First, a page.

Is The Nuclear Option A Viable Option?

Nuclear power supplies a sixth of the world’s electricity.
Along with hydropower (which supplies slightly more than a sixth), it is the major source of “carbon-free” energy today.
The fossil-fuel alternatives have their drawbacks. Natural gas is attractive in a carbon-constrained world because it has lower carbon content relative to other fossil fuels and because advanced power plants have low capital costs. But the cost of the electricity
produced is very sensitive to natural gas prices, which have become much higher and more volatile in recent years. In contrast, coal prices are relatively low and stable, but coal is the most carbon-intensive source of electricity. The capture and sequestration of carbon dioxide, which will add significantly to the cost, must be demonstrated and introduced on a large scale if coal-powered electricity is to expand significantly without emitting unacceptable quantities of carbon into the atmosphere. These concerns raise doubts about new investments in gas- or coal-powered plants. In an open fuel cycle, also known as a once-through cycle, the uranium is “burned” once in a reactor, and spent fuel is stored in geologic repositories. The spent fuel includes plutonium that could be chemically extracted and turned into fuel for use in another nuclear plant. Doing that results in a closed fuel cycle, which some people advocate.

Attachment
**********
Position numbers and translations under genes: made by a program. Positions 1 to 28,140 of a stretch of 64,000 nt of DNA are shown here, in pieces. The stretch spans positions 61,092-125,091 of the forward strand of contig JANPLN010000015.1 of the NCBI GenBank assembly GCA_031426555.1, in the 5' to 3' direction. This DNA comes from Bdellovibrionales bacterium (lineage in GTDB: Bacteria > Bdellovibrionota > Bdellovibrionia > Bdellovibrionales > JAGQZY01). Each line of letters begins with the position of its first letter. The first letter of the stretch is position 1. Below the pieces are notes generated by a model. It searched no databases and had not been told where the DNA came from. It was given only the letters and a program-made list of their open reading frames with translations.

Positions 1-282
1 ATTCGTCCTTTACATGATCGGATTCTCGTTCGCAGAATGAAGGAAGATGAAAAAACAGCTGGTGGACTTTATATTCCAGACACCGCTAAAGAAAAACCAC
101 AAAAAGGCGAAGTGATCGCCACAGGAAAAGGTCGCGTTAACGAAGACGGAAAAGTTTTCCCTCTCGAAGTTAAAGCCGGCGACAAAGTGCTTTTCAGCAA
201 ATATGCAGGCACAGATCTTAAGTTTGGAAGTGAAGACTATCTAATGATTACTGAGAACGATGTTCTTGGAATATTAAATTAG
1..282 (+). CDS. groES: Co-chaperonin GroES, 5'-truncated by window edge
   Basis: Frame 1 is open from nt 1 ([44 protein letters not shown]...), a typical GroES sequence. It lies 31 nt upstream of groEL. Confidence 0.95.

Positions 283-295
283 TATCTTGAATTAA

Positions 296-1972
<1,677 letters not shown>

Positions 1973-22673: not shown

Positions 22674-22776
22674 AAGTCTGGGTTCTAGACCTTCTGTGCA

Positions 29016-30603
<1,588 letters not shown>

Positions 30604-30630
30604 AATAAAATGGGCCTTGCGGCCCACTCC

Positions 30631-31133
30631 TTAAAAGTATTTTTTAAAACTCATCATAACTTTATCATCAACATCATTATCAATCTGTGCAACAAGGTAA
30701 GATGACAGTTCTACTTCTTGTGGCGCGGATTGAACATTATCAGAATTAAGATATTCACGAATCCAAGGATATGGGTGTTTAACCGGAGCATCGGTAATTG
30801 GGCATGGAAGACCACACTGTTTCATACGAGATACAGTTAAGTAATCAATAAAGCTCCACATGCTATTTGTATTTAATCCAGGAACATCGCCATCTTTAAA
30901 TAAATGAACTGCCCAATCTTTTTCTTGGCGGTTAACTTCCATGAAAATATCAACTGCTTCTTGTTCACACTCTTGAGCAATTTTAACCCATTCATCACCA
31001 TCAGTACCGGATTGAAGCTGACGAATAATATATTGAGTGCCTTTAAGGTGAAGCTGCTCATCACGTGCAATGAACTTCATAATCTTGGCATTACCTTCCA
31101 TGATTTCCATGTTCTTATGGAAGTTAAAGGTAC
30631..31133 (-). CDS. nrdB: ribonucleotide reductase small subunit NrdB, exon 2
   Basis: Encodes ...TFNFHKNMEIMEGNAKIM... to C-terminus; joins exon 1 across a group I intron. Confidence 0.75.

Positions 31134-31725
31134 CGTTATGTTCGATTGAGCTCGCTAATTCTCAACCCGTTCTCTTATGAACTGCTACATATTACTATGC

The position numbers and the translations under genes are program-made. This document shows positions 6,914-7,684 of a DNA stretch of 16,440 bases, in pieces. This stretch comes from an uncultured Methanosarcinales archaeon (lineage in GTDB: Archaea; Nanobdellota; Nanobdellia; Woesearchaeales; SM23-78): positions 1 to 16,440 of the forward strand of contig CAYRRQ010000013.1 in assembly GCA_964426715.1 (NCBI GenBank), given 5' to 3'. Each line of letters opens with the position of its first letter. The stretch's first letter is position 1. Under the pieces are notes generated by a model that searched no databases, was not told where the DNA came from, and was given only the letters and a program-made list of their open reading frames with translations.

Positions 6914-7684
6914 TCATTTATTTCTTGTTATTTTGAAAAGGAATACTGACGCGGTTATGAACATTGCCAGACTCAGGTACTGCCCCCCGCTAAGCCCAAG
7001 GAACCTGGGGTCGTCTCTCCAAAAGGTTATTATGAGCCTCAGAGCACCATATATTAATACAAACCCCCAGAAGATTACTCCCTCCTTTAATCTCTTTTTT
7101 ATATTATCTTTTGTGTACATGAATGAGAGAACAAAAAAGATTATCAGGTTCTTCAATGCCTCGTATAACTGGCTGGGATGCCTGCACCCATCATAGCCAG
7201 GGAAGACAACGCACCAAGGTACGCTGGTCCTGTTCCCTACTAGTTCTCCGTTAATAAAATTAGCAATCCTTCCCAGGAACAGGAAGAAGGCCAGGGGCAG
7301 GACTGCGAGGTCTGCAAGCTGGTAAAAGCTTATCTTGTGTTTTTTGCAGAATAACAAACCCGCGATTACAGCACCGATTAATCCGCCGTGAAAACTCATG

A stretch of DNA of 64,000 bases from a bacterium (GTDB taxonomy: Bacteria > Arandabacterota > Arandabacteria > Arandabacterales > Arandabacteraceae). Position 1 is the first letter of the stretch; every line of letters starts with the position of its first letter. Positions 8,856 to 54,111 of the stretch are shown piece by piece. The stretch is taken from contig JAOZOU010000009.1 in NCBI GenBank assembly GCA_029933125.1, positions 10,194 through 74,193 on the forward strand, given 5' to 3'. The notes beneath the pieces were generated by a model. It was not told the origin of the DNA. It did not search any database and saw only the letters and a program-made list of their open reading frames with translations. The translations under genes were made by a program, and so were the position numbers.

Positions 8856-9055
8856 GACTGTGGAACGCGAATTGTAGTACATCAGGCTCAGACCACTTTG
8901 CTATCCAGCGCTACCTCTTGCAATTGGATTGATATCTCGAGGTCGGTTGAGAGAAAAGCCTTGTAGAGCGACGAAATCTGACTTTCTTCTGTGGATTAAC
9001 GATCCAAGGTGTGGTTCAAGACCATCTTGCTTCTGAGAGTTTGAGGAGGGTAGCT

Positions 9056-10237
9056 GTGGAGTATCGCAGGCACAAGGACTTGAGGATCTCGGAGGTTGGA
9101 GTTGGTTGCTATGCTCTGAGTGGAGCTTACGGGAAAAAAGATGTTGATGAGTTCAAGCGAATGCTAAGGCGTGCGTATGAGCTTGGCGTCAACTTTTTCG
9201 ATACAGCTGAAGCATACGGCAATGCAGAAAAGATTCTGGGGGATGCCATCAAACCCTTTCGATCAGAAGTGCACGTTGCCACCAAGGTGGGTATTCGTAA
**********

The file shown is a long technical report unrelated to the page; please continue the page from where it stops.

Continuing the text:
A longer-term option could involve recycling all the transuranics (plutonium is one example of a transuranic element), perhaps in a so-called fast reactor. In this approach, nearly all the very long lived components of the waste are eliminated, thereby transforming the nuclear waste debate. Substantial research and development is needed, however, to work through daunting technical and economic challenges to making this scheme work.

Pros -
1. Little Pollution As demand for electricity soars, the pollution produced from fossil fuel-burning plants is heading towards dangerous levels. Burning coal produces carbon dioxide, which depletes the protection of the ozone. The soft coal, which many power plants burn, contains sulphur. When the gaseous by-products are absorbed in clouds, precipitation becomes sulphuric acid. Coal also contains radioactive material. A coal-fired power plant emits more radiation into the air than a nuclear power plant.